Conscription in Israel
Conscription in Israel during peacetime has been in place since 1949, a year after Israel was founded. While Israel is widely known for drafting women this does not occur on the same basis as men. Only citizens and permanent residents of Israel may be drafted.
Various exemptions exist which allow for a high proportion of men and women to avoid mandatory military service. This is a growing political issue in Israel. In 2013, 26 percent of all potential conscripts were exempted from military service in the Israel Defense Forces; 13.5 percent for religious reasons, 4 percent for psychological reasons, 2 percent for physical health reasons, 3 percent due to existing criminal records, and 3 percent due to residing abroad. As of 2022, the minimum required length of military service is two years and eight months (with some roles requiring an additional four months of service) for all conscripted men, and two years (with some roles requiring an additional eight months of service) for conscripted Jewish women.
More than 20% of Israel's population is non-Jewish. In general, non-Jews are exempt from conscription in Israel. The following table provides a break down.
|Haredi Jewish||Exempt if in full-time religious study.||Exempt|
|Non-Haredi Jewish||Required||Exempt if religious.|
Israeli citizens with an exemption from conscription may volunteer to serve in the IDF if they otherwise meet the entry requirements.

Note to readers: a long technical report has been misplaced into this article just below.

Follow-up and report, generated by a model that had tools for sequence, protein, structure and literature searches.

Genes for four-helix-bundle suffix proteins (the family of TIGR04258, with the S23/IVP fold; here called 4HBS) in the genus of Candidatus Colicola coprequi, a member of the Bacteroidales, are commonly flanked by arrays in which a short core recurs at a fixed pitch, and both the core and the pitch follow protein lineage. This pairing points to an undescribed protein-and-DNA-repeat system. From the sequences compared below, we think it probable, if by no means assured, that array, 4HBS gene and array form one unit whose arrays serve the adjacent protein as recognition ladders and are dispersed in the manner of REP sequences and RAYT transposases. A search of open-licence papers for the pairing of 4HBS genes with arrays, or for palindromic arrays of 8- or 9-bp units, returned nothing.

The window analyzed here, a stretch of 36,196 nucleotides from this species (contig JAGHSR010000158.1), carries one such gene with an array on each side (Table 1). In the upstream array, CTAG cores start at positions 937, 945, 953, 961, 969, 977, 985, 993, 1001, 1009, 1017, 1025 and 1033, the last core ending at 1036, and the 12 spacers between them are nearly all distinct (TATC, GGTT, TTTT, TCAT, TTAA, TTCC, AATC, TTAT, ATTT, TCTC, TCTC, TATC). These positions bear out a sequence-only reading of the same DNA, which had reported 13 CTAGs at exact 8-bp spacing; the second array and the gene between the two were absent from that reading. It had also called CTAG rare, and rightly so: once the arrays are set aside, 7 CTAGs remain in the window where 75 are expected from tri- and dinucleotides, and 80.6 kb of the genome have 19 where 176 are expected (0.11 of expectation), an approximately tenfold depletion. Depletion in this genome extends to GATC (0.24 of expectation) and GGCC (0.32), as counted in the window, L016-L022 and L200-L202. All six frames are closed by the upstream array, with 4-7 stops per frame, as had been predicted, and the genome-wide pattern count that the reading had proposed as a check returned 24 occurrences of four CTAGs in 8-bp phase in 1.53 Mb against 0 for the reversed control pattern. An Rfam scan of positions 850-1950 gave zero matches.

Haredi men are exempt as long as they are studying Torah. In practice many men study for so long that they are eventually too old to be called for military service.
Haredi women are accepted as being religious and thus exempt from military service.
Non-Haredi women are only supposed to receive an exemption if they are actually religious. In practice manuy non-religious women have obtained exemptions. The problem has become so widespread that it has been reported that the IDF is cracking down on this in the 2020s.
Palestinians in the table above refer to Arab citizens of Israel, not residents of the West Bank which most nations consider to be under occupation by Israel.
A growing number of Palestinians are volunteering for service in the IDF.
Bedouin have a long history of volunteering and many have risen to high rank as career soldiers. Volunteering in the IDF is a way out of poverty for many Bedouin.
Men from the Druze community are required to service on the same basis as Jewish men. These provisions were added to Israeli law at the request of the leaders of these communities. Military service became mandatory for Druze men in 1956.
Men from the Circassian' community are required to service on the same basis as Jewish men. These provisions were added to Israeli law at the request of the leaders of these communities. Military service became mandatory for Circassian men in 1958.
Jews without Israeli citizenship may volunteer. Non-Jews are accepted for non-military volunteer work through the mahal program. This program sees them performing volunteer work at IDF bases without joining the IDF.
Male IDF soldiers may be required to service in combat units. Female IDF soldiers may volunteer for combat duty but may not be forced in to it against their will. Women that volunteer for combat duty are placed in a relatively small number of border patrol units rather than front-line infantry units. While border patrol units are combat units they are significantly less likely to see action than infantry units and if they do it is less likely to be sustained. If it was considered politically necessary during a major conflagration these units could be withdrawn to defend Israel's cities, further reducing the likelihood of exposing women to harm.
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